Federal Edible Legalization: What’s the Holdup?
It has been over three years since the 2018 Farm Bill legalized hemp (defined as Cannabis sativa L. and “any part of that plant, including the seeds thereof and all derivatives, extracts, cannabinoids, isomers, acids, salts, and salts of isomers” with no more than a 0.3 percent concentration of THC) by removing it from the definition of marijuana in the Controlled Substances Act. However, despite the numerous products available on the market, it is still very much illegal at the federal level to include one of the best-known cannabinoids, cannabidiol (CBD), as an ingredient in food or dietary supplements. This is because the 2018 Farm Bill preserved the FDA’s authority to regulate products containing hemp or hemp-derived compounds under the Food, Drug and Cosmetic Act (FDCA).
The FDA has maintained a position that CBD cannot be legally added to a food or dietary supplement because of the drug exclusion rule, which essentially prohibits its use in those products because it has already been approved as an active ingredient in a drug. CBD is the active ingredient in the drug Epidiolex, which the FDA approved in 2018 as an oral solution for treatment of seizures associated with two forms of epilepsy.
The FDA acted on its position with the 2019 issuance of warning letters to 15 companies for illegally selling products containing CBD in ways that violate the FDCA. In the two-plus years since, FDA has not changed its stance on CBD in foods nor its position that it cannot conclude that CBD is generally recognized as safe (GRAS) among qualified experts for its use in human or animal food, based on the lack of scientific information supporting the safety of CBD in food. Additionally, there is no food additive regulation which authorizes the use of CBD as an ingredient in human or animal food, nor are there any other exemptions from the food additive definition that would apply to CBD. Thus, FDA has concluded, “CBD is therefore an unapproved food additive, and its use in human or animal food violates the FD&C Act for reasons that are independent of its status as a drug ingredient.”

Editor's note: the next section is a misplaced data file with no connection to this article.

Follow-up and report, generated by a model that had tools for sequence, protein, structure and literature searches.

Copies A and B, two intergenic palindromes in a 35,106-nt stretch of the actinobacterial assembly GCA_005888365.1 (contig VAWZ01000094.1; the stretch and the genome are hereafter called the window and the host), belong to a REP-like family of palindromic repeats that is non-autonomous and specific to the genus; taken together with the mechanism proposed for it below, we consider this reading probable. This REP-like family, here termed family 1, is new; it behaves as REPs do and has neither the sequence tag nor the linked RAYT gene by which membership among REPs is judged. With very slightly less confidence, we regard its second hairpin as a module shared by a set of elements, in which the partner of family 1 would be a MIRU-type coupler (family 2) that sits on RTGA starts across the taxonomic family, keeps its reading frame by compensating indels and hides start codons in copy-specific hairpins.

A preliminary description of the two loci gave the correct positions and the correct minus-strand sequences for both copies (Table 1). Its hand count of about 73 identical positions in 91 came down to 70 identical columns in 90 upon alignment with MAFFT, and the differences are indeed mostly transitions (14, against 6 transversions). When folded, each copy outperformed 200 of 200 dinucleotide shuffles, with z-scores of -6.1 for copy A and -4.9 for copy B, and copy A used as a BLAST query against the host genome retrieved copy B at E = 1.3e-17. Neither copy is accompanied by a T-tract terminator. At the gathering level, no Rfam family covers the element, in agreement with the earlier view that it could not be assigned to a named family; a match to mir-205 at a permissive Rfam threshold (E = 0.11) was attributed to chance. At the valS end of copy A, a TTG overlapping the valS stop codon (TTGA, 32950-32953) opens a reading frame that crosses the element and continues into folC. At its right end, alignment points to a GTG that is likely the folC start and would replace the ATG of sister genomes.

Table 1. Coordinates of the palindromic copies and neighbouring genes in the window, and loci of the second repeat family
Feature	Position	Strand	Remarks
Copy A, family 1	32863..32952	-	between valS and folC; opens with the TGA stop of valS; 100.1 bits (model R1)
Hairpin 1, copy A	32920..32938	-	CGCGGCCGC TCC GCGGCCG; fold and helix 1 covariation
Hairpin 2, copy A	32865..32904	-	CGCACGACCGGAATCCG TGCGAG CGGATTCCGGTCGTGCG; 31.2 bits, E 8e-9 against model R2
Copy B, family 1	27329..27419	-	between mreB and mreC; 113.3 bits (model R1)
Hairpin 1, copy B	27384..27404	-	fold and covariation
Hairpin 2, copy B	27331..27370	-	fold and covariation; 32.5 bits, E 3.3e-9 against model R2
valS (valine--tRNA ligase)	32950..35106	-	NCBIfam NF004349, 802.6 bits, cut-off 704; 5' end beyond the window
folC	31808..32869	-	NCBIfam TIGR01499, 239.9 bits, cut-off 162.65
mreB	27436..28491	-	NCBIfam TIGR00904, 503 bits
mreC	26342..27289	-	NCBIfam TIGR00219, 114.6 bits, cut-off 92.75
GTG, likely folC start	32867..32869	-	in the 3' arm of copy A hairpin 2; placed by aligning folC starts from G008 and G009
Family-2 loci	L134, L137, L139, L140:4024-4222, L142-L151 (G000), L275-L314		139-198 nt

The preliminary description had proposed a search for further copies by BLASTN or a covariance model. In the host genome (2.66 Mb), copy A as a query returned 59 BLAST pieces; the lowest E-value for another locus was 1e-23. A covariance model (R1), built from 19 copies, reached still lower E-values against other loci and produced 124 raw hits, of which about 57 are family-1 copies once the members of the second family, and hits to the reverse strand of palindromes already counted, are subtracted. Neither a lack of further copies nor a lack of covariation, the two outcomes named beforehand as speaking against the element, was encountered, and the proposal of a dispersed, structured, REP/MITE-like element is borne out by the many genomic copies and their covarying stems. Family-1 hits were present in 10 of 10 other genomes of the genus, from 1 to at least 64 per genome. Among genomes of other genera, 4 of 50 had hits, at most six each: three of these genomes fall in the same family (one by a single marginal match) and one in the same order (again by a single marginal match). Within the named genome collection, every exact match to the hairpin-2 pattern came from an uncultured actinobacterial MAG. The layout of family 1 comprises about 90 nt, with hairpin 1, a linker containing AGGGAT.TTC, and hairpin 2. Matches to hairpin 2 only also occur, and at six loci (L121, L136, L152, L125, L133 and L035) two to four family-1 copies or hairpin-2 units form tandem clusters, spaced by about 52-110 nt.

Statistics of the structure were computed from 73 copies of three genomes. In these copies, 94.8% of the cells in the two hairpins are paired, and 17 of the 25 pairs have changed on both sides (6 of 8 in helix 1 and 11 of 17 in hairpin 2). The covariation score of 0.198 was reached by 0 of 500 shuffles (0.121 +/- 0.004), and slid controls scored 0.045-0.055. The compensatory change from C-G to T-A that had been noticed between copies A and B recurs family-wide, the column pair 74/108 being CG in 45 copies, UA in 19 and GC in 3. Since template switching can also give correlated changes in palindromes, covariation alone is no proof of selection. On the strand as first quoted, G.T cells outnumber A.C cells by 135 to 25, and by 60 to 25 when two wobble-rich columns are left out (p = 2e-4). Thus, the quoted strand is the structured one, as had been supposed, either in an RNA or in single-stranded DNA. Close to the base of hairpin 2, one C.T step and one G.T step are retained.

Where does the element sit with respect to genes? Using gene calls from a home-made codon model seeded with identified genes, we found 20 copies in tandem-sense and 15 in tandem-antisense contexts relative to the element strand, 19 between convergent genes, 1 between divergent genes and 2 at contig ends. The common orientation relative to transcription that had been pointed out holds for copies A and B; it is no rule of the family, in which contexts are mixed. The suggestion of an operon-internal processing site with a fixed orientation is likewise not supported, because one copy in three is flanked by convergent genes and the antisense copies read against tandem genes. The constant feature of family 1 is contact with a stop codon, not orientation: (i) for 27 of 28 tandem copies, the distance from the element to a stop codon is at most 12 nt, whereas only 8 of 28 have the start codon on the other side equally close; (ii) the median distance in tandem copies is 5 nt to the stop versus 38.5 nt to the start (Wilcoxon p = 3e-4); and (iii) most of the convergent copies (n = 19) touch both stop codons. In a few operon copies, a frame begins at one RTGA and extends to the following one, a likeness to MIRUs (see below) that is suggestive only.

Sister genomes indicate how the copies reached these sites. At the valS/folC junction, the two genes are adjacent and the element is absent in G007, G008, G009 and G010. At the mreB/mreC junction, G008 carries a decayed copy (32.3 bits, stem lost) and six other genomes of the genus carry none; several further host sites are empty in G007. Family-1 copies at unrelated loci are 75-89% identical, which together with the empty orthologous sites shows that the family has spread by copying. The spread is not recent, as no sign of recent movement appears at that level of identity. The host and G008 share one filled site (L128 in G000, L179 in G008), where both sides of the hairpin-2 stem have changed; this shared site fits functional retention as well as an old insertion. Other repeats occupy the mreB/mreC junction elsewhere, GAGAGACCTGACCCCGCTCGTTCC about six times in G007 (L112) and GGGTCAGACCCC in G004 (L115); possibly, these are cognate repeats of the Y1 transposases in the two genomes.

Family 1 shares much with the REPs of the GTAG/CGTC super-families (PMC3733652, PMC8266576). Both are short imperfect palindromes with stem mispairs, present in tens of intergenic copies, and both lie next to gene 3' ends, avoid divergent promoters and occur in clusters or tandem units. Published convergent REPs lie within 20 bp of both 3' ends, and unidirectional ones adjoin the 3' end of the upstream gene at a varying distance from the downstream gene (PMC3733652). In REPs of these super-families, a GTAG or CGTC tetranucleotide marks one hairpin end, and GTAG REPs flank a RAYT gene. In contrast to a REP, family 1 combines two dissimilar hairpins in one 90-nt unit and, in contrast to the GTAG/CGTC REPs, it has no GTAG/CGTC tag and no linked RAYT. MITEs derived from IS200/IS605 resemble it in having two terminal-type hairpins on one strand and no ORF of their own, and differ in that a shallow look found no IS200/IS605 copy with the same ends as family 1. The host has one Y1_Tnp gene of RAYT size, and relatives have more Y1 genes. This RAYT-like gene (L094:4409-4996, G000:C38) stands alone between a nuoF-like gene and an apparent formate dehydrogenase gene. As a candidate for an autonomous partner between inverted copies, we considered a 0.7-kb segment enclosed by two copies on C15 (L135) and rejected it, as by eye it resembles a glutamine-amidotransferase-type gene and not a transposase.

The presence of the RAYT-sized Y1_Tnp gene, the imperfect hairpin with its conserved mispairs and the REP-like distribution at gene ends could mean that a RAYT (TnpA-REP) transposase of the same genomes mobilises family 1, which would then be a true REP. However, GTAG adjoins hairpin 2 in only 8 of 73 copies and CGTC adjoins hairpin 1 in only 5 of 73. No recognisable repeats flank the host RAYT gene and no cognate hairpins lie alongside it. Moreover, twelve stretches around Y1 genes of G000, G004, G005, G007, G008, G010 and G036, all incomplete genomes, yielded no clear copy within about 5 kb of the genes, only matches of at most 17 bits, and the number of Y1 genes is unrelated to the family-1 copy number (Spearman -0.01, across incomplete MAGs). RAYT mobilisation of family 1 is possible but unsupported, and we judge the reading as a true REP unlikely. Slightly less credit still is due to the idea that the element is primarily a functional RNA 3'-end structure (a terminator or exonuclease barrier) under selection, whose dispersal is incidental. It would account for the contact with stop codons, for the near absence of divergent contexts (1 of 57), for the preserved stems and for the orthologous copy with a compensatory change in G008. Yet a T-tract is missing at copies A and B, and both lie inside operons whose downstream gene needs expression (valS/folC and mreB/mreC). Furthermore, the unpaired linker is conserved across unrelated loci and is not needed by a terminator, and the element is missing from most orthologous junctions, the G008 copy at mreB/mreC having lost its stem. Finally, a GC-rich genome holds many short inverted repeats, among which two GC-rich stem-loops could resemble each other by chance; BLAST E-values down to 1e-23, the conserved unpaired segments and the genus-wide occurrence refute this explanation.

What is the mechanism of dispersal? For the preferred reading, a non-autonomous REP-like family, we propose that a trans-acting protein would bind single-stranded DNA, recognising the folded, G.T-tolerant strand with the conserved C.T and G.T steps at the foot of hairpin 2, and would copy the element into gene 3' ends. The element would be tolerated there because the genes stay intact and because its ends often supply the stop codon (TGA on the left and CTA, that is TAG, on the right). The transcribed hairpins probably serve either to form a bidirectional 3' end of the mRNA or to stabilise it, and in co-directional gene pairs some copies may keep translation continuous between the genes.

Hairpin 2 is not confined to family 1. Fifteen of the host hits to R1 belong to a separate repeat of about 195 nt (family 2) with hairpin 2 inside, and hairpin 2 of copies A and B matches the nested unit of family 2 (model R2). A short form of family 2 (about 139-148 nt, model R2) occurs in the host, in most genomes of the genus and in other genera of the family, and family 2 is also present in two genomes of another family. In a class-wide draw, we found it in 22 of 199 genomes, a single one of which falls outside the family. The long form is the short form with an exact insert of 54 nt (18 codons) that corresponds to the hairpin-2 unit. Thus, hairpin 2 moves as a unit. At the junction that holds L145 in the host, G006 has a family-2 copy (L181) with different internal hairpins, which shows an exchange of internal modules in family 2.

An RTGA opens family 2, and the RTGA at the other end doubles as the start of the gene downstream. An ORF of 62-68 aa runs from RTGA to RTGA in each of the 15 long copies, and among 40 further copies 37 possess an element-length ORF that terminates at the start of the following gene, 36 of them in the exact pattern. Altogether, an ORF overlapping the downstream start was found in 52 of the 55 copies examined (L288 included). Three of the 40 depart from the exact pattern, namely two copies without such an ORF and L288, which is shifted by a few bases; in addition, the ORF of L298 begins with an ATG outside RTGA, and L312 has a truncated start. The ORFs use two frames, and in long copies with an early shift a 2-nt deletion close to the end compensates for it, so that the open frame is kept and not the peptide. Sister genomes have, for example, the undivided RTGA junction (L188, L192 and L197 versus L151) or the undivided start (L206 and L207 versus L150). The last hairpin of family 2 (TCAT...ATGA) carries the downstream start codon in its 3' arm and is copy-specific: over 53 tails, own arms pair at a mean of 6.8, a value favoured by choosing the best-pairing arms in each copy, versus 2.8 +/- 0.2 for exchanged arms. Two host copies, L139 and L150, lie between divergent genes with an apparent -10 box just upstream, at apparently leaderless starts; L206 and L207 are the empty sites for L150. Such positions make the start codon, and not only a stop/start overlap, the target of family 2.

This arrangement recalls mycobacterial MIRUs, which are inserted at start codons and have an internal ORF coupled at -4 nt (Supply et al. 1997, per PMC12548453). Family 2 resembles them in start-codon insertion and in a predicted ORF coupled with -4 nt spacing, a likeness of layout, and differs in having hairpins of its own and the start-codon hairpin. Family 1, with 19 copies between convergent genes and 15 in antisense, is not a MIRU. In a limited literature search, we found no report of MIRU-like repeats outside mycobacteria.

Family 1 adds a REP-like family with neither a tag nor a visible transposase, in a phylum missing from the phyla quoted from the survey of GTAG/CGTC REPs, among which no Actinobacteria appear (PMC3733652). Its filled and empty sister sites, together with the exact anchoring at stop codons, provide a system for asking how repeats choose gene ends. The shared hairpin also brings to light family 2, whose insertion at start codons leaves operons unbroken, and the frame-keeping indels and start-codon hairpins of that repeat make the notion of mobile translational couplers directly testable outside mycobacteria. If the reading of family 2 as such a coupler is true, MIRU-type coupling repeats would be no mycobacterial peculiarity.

In fact, a 2021 document states that “FDA is aware that some companies are marketing products containing cannabis and cannabis-derived compounds in ways that violate the (FD&C Act) and that may put the health and safety of consumers at risk.” So, while your state may allow the manufacture and sale of foods or dietary supplements that contain CBD, it also is critical to remember that it is still illegal to sell these across state lines.
Despite the FDA position and enforcement actions, the industry has made several attempts to achieve self-affirmed GRAS status for both CBD extracts and full-spectrum hemp extracts, even going so far as to submit New Dietary Ingredient (NDI) notifications to the FDA. It is important to note that at least two of the NDIs were submitted for full-spectrum hemp extracts, not the CBD isolate (the active ingredient in Epidiolex). While it seems that may skirt the drug exclusion rule issues since it is not the same ingredient/compound, the FDA stood strong in its position and rejected those petitions pursuant to the drug exclusion rule while also citing a lack of adequate safety evidence.
Although the typical strategies for getting GRAS status or filing an NDI petition seem to have hit a wall, the industry does have at least one more move in play. Petitions have been filed to request that the FDA determine that CBD is not excluded from the definition of a dietary supplement pursuant to the drug exclusion rule, and that the agency exercise enforcement discretion in the review of NDIs or issue a specific CBD regulation.
It may be another three years before FDA is able to fully consider the safety and policy implications of these petitions, so don’t hold your breath while waiting. However, with the industry being desperate for clear regulation, it must continue to exhaust its options with the FDA while also lobbying Congress for an immediate resolution to the regulatory roadblock.